KUALA LUMPUR (Bernama) – Today, Feb 1, Kuala Lumpur will be celebrating its 41st anniversary as a Federal Territory.
Kuala Lumpur started off as a hamlet at the confluence of the Sungai Gombak and Sungai Klang in the 1850s with the tin mining activities putting the place in the map as the focal point of trade and commercial activities.
It is the oldest of the three Federal Territories in Malaysia, the other two being Labuan and Putrajaya.
Ever since the country achieved independence in 1957, Kuala Lumpur that is practically known as KL has witnessed tremendous progress and today stands at par with many major cities of the world.
The skyscrapers, the mass rapid transport, the expressways criss-crossing the city and a host of other first world infrastructure put KL ahead of many cities even in the developed world.
The Kuala Lumpur City Hall (DBKL) is the city’s guardian with its role going beyond planning the future and maintaining the city infrastructure and public services.
With Malaysia set to emerge as a developed nation by 2020, KL too is set to become a world class city.
Thus DBKL shoulders heavy responsibility in keeping up with nation’s goals and the people’s aspirations. In discussing the city’s future direction, Kuala Lumpur’s Datuk Bandar Datuk Seri Ahmad Phesal Talib is optimistic that KL will one day emerge as a world class city.
Bernama met up with Ahmad Fesal recently in conjunction with the Federal Territory Day celebration.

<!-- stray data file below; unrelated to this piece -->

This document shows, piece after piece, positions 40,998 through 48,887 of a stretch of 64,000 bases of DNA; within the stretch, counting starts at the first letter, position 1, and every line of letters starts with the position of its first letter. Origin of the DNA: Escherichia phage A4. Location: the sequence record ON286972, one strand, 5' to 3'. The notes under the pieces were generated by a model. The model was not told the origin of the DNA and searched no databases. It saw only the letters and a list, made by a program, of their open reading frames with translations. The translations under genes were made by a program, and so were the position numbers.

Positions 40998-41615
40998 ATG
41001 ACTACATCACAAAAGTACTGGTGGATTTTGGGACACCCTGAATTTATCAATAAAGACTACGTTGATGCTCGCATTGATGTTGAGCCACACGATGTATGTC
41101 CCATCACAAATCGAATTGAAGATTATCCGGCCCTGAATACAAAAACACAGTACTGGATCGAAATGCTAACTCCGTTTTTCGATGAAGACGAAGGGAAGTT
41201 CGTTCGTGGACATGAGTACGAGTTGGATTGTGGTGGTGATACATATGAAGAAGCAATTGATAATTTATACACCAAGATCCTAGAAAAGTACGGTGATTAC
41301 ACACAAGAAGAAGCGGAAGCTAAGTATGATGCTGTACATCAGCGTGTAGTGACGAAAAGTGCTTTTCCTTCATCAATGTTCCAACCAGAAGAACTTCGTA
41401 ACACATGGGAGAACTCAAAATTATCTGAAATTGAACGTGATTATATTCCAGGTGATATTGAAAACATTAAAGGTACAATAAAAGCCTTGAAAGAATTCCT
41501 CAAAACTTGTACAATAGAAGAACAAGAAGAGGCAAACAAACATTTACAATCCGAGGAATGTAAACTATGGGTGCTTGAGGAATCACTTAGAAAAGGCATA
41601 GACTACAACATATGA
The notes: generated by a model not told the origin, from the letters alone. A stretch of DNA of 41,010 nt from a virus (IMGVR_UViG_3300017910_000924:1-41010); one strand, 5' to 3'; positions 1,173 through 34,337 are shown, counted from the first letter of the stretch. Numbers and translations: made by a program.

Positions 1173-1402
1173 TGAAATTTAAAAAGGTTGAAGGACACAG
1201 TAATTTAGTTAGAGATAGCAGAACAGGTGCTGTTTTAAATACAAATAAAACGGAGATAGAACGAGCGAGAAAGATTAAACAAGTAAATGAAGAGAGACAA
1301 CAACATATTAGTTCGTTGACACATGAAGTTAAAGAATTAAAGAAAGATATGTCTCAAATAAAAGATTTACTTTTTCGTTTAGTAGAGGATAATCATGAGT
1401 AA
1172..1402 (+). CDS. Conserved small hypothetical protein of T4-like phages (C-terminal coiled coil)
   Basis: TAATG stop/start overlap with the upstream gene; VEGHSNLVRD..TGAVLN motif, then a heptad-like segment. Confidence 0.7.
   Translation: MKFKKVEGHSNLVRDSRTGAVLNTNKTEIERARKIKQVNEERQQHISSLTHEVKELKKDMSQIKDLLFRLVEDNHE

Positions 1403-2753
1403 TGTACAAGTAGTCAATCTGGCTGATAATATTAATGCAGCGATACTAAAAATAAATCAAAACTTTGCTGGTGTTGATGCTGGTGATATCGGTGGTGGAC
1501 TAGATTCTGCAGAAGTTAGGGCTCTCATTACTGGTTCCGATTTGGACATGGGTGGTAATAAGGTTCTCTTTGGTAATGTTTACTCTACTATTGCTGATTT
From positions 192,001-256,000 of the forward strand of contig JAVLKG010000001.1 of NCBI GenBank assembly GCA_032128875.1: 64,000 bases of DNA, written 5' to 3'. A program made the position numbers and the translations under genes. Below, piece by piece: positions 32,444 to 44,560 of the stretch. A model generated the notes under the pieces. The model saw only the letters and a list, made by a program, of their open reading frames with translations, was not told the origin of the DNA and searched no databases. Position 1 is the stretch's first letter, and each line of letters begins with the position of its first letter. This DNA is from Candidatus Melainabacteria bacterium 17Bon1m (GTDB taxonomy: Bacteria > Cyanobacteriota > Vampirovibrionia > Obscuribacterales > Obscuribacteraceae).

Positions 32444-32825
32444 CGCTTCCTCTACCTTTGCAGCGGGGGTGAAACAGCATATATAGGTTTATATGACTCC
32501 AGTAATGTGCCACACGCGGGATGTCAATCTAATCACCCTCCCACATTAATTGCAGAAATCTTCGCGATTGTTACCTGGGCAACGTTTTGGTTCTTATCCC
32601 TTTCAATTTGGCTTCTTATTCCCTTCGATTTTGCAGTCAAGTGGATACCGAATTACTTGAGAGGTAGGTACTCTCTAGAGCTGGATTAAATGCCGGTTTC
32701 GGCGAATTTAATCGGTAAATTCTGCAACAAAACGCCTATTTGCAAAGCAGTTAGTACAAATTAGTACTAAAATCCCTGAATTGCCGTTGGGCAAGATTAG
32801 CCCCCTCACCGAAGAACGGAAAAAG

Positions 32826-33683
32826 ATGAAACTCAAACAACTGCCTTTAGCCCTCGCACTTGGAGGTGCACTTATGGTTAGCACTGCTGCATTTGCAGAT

As for Ahmad Phesal, a world class city will not only boasts for a first world infrastructure but also be a people oriented city.
In evoking the sense of belonging, the people’s well-being too has to be considered.
And speaking of the people’s well-being, it calls for a sustainable and holistic development of the city.
Apart from that, DBKL also has to ensure the city remains the centre for economic, education, cultural, tourism and health activities in the region.
These activities will bring various benefits for the city dwellers.
Ahmad Phesal admits there are many nagging problems that have to be addressed, including flash floods and falling trees during heavy rain.
“We have to understand there are areas where the drainage capacity is overwhelmed or the drainage system is clogged. All these are in the process of being addressed.
“We have sent in our contractors to carry out video inspection of the underground culvert right up to Sungai Klang and remove all debris as we find them,” he said.
Speaking of falling trees, DBKL is caught between greening the city and the danger of the trees falling on the road, vehicles and even buildings.
Ahmad Phesal says the Landscape Department has been ordered to enhance tree inspections and the services of the Forest Research Institute of Malaysia has been sought to identify trees that are safe to plant.
“Though these trees are valuable, they may pose a danger to the public thus that is why at times we have to cut them down despite of the public admonition. There is no give and take when comes to safety,” he said.
Safety also involves patching up potholes, lighting up streets and improving the manhole covers.
This is because the manhole has been identified as among the contributors to road accidents in the city. Roadwork including road resurfacing is being improved through the cooperation of Malaysian Public Works Institute and the appointment of companies to supervise roadwork.
The guidelines on road resurfacing and road digging in the city are being streamlined.
In ensuring the well-being of city dwellers, DBKL is well aware of the need to provide adequate housing.
In this respect we give priority for housing projects on government land to make available affordable homes,” he said.
Meanwhile, Ahmad Phesal noted that the Federal Territories Day celebration this time around will be scaled down in line with measures taken by the government to save on spending
This year’s celebration theme is ‘Wilayahku Ceria’ (My Happy Place).